For us, apprenticeships are an effective way of growing talent and developing a motivated, skilled and qualified workforce. Our hope is that those young people we sponsor will be more likely to stick with us for the long term.

How many staff are you sponsoring at the moment?
NW: We are sponsoring around 25 staff in total, out of a total practice workforce of about 210 – so it’s a significant proportion. The numbers have gone up every year since we started and interest is really high – we’re usually over-subscribed. The first cohort of students is now in their fourth year.

What are they studying?
NW: All our students spend two years at South Thames College in Wandsworth studying for a BTEC in Construction and the Built Environment. That brings them up to Engineering Technician level, in line with the UK Standard for Professional Engineering Competence. Then depending on their grades and performance, they go on to study for an HND or BSc on a day release basis. We currently have seven students studying at LSBU.

What kind of support do you provide for students in the workplace?
NW: All our students are partnered with a mentor. They have fortnightly study sessions together and mentors will also check that their portfolio of evidence meets the criteria set by the Engineering Council before going out for external assessment. They’re also there to help them get used to the world of work: that can be a big adjustment in itself for a young person who’s come straight from school. Mentors come from within the existing workforce, and we provide in-house training for them. We’re tapping into a long-standing tradition in engineering, where the generation above encourages and supports those that are up and coming. Now we’re starting to see apprentices from the early years mentoring those in later groups, which is really encouraging.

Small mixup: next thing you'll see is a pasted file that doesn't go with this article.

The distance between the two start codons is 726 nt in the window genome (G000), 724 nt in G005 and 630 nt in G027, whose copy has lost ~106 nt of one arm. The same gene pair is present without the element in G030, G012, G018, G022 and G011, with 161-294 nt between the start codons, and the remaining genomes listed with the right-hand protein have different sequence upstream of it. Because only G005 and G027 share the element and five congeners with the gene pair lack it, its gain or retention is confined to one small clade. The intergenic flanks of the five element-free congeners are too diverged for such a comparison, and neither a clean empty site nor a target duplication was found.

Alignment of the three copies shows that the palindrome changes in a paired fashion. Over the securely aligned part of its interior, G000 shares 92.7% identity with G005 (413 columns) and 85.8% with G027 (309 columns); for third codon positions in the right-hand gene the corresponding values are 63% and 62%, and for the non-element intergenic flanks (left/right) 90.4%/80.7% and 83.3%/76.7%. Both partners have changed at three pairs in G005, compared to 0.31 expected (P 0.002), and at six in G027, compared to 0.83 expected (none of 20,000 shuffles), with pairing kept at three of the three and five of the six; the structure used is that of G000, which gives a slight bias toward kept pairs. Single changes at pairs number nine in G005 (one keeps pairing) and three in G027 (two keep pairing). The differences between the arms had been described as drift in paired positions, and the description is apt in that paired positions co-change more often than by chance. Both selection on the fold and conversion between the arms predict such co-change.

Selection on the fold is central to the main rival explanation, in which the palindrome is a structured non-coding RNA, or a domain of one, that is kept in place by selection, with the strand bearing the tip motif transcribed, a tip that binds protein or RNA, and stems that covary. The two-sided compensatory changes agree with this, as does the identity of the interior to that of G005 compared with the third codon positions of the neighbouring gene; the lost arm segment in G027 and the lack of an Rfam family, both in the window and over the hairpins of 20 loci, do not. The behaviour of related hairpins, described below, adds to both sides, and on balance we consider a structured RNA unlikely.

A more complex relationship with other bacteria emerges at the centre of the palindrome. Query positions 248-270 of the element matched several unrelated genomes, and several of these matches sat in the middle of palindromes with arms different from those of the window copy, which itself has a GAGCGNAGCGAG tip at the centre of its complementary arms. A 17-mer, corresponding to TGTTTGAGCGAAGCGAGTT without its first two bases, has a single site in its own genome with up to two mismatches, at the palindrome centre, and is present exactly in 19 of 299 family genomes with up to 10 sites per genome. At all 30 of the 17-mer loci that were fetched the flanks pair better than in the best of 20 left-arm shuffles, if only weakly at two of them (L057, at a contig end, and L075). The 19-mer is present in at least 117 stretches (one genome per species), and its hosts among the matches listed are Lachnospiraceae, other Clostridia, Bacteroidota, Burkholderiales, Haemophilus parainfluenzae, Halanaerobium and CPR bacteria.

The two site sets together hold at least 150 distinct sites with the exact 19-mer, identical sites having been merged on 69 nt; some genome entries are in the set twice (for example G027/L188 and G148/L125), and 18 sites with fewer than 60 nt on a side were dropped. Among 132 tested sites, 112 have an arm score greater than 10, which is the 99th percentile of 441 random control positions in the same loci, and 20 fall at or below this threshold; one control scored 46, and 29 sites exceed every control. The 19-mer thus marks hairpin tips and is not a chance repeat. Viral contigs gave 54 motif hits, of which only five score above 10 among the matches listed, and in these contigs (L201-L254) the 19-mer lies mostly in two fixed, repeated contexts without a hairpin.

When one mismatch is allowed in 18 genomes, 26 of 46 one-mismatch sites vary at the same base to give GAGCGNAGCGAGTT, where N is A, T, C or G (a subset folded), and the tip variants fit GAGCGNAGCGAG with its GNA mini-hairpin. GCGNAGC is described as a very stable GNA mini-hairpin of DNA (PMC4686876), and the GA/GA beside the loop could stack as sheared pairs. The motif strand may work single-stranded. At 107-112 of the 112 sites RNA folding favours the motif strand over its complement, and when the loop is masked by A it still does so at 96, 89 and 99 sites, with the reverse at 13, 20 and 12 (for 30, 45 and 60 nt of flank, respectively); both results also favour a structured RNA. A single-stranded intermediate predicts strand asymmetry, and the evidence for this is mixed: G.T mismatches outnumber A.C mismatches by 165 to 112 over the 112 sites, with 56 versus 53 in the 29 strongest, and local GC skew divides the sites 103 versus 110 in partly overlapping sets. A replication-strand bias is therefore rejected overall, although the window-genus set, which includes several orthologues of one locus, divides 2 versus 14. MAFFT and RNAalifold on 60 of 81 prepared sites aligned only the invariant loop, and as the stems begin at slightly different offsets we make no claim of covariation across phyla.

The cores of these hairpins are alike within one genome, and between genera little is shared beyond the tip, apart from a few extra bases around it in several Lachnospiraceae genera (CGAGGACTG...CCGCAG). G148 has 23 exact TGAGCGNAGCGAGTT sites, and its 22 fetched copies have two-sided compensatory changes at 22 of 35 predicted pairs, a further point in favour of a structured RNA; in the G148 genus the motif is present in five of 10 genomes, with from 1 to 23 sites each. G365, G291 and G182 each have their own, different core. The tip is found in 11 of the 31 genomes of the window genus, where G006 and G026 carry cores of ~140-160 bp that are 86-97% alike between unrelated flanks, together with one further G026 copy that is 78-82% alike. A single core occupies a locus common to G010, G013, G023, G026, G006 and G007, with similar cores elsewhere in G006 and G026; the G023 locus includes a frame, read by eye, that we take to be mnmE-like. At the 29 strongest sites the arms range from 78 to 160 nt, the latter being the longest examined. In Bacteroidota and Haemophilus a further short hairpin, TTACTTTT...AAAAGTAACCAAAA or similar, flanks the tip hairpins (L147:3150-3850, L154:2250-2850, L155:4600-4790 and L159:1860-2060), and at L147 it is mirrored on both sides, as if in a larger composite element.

What would you say are the key benefits of sponsored study?
NW: The most obvious benefit has to be the calibre of the youngsters themselves. Their attitude, their approach to work, their ability to deal with people, is really amazing, and so encouraging for the future. Study teaches them transferrable skills: they’re learning how to research, how to organise and present their ideas, and how to juggle priorities and meet deadlines. 

It’s also great for the atmosphere within our company and the whole working culture to have that influx of youth and vitality. It’s been really invigorating. And for our mentors, there’s huge job satisfaction. It’s great to be able to share their knowledge and experience and very rewarding to see how the youngsters respond. I think having that one-to-one attention from a more senior colleague really encourages them to raise their game.